Peter Struffenegger is a marine and fisheries biologist by training, but since 1986 he has dedicated himself to raising caviar’s living vessel: the sturgeon.  Today he is the general manager at Sterling Caviar, one of several California firms that have elevated domestic caviar, ensuring that the quintessential delicacy is available for generations to come.  Having spent more than two decades studying the sturgeon, continually seeking to improve his approach, the world-class caviar that he helps produce at Sterling is now found on the tables of restaurants such as Jean-Georges, Eleven Madison Park and The French Laundry.

What are the factors that make for great caviar?

I think that most people who get into sturgeon production for the caviar do not understand the fish itself.  They look at it as a means of producing caviar as a product.  Sturgeon is one of the most fascinating fishes to work with and study.  To make a great product, you have to understand the fish and it’s needs.  Only then can you start to make good caviar.  So while a lot goes on in caviar processing, packaging and storage, the real secret is how you treat the fish, how well you understand it’s needs and meet those needs.

How has you operation evolved?  What has the learning process been like?

At the start we were pretty naïve about sturgeon and the potential for caviar production.  Sturgeon is like salmon, an anadromous fish.  It lives in salt water and returns to fresh water to spawn.  We tried and eventually succeeded in raising the sturgeon in entirely fresh water.  We got a lot of information on how to spawn sturgeon from Russia with the defection in the late 70’s of one of their leading fisheries scientists who ended up as a professor at UC Davis, which is only about 20 minutes away [from Sterling].  He showed that the techniques developed by the Soviets for spawning returning females and males that were prevented from returning to their spawning grounds by dams could be replicated.  The Soviets spawned the fish and released millions of baby fish below the dams.  But that is where the technology ended and we had to figure out how to complete the life cycle completely on the farm.  Nutrition studies, disease studies, genetic studies and more all had to be done in collaboration with the university to understand sturgeon.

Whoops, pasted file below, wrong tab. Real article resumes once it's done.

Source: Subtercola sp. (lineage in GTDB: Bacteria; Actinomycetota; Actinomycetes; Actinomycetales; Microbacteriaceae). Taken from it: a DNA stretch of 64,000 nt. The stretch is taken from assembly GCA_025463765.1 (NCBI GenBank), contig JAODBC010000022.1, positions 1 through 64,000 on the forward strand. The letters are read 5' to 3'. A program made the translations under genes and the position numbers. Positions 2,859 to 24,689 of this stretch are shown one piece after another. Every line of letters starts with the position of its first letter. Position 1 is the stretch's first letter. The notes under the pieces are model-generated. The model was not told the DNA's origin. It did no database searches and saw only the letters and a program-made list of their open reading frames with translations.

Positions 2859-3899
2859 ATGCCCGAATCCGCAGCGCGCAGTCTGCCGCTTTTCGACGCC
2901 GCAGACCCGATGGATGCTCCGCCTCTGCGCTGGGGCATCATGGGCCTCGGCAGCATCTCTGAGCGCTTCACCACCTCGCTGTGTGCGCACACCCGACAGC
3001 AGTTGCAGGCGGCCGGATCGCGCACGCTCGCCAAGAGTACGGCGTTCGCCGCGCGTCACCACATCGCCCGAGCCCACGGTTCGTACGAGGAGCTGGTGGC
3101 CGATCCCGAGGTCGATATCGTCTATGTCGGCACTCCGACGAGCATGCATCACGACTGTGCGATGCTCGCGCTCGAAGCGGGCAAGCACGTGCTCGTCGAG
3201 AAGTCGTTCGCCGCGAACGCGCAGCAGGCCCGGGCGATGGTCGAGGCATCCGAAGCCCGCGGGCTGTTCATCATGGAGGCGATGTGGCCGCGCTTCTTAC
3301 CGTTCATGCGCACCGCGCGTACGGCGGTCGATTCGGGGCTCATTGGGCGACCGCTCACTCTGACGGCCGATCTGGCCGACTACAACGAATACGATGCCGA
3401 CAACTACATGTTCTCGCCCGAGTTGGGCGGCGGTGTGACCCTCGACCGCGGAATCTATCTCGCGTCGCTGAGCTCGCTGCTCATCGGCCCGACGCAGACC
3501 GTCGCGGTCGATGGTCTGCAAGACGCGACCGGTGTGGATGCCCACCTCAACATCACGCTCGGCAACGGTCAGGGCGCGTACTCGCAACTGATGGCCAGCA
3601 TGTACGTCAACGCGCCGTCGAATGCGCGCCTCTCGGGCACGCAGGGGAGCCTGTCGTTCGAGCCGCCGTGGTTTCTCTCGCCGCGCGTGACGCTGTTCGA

What is it like to work on a project where you have to wait so long to see results?

It’s been fun to work on such a long-term project, but only because I am not an owner but an employee.  So there have been a lot of challenges that are very different if you are spending someone else’s money instead of your own.  This has been the challenge to spend it wisely.  Otherwise, as we are starting to see on other firms’ efforts to raise sturgeon commercially, companies are starting to fail because of the long-term investment needed.  They lack an understanding of how much money it takes to get to the point of sustainable production.

What do you think is the future of the caviar trade?

What has been amazing to see is that in the year 2000, about 95% of all caviar worldwide was wild caught and only about 5% was farm-raised – if even that much.  Today, the market is served with 100% farm-raised product.  As other countries – especially less developed ones like China who have lower production costs, a better regulator climate and a government who works to help them rather than hinder – develop and become competitive in the marketplace we will continue to face challenges.  But as we have already seen on items produced in China, there are issues with things like lead in toys and melamine in certain foods, they take advantage of that lack of regulatory oversight and push it even further.  So there will be price pressures from these low cost producers, and the challenge will be to maintain our high standards to ensure quality and wholesomeness and convince the consumer to accept paying a higher price for it.

What is your favorite way to enjoy caviar?

I enjoy caviar ‘naked’ – that is spooned on the back of the hand and licked off.  If I want to enjoy the flavors and caviar experience, I don’t want crème fraîche, onions, egg whites and blinis to interfere.  I do like caviar on blinis with all those things, but if I find a very good caviar, it is best to experience it on its own.